28-Day Planner: Writing Day 10
There are several different ways of answering a Task 2 question, and you can adapt the models below to suit any question type.
This lesson will help you organise your thoughts into a clear plan and structure that you can use for any IELTS Task 2 Writing essay.
Get more advice about structures here.
The basic plan
Paragraph 1 – Introduction
What’s the topic? (General Statement – no opinion, just facts)
What’s the issue? (What do some people think and why do they think this?)
What’s your opinion? (What do you think?)
Paragraph 2: (depending on the question)
- the advantages OR
- reasons to agree OR
- the problems
- the disadvantages OR
- reasons to disagree OR
- the solutions
Paragraph 4 – Conclusion
Summary of the issue.
Summary of your opinion.
A final thought, recommendation or consequence.
Let's look at 2 examples
Writing Example 1
Using animals to test the safety of cosmetics or drugs used for medical reasons is never acceptable.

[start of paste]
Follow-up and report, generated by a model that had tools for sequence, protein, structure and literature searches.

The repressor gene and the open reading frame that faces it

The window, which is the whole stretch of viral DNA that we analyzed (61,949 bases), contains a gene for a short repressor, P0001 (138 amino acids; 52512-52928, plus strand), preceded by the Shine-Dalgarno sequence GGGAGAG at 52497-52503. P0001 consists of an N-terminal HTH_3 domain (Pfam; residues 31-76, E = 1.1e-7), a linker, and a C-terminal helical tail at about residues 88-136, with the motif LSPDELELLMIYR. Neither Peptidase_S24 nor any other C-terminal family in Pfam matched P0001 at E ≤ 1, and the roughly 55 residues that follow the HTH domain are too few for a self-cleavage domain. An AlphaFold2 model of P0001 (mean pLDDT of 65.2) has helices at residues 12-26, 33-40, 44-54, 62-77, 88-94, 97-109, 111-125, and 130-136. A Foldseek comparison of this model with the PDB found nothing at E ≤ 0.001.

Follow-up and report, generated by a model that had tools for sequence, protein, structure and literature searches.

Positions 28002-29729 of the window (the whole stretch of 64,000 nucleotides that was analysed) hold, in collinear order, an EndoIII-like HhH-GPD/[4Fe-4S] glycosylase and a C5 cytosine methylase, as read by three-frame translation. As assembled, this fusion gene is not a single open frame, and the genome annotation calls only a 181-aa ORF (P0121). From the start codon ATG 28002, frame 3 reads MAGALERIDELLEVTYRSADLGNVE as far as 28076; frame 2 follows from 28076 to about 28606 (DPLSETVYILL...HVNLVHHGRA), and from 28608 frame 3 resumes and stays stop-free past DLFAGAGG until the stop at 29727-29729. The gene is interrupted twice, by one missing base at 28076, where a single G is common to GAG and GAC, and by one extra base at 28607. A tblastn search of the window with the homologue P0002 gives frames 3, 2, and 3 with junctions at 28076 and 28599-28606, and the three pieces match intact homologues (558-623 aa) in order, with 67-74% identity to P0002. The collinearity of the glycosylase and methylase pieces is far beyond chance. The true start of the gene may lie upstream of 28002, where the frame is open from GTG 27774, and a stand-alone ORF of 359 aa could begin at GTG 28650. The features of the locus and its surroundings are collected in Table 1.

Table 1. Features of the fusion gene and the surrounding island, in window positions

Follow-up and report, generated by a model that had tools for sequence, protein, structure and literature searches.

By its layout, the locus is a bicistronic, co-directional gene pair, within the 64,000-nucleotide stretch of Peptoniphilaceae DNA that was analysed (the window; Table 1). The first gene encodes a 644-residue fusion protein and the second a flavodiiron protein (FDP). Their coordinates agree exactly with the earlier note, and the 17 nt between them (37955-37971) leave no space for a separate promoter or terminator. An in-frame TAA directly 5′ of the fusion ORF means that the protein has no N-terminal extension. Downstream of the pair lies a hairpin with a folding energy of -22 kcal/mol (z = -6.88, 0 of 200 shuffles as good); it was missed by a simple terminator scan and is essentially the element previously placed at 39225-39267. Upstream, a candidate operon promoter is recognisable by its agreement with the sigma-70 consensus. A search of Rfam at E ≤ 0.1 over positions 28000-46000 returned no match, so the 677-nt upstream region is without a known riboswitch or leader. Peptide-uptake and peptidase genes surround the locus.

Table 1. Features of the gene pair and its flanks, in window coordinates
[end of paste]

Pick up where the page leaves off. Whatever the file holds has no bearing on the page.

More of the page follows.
To what extent do you agree with this statement?
The topic – we test cosmetics and drugs on animals.
The question – people think this is the only option.
Your opinion – there are other ways to test cosmetics and drugs.
Before any new product is put on the market, whether it is a cosmetic product or a potentially life-saving medicine, the manufacturers have to ensure that it is safe for humans to use. Advocates of vivisection would argue that testing products on animals is the only reliable method of doing this. They believe that it is better for an animal to suffer than a human. Although I can see convincing arguments behind testing drugs on animals for medical purposes, I am strongly opposed to the practice of using animals to test the safety of cosmetics, and I will outline my reasons below.
Advantages/Reasons to agree – it has helped save lives.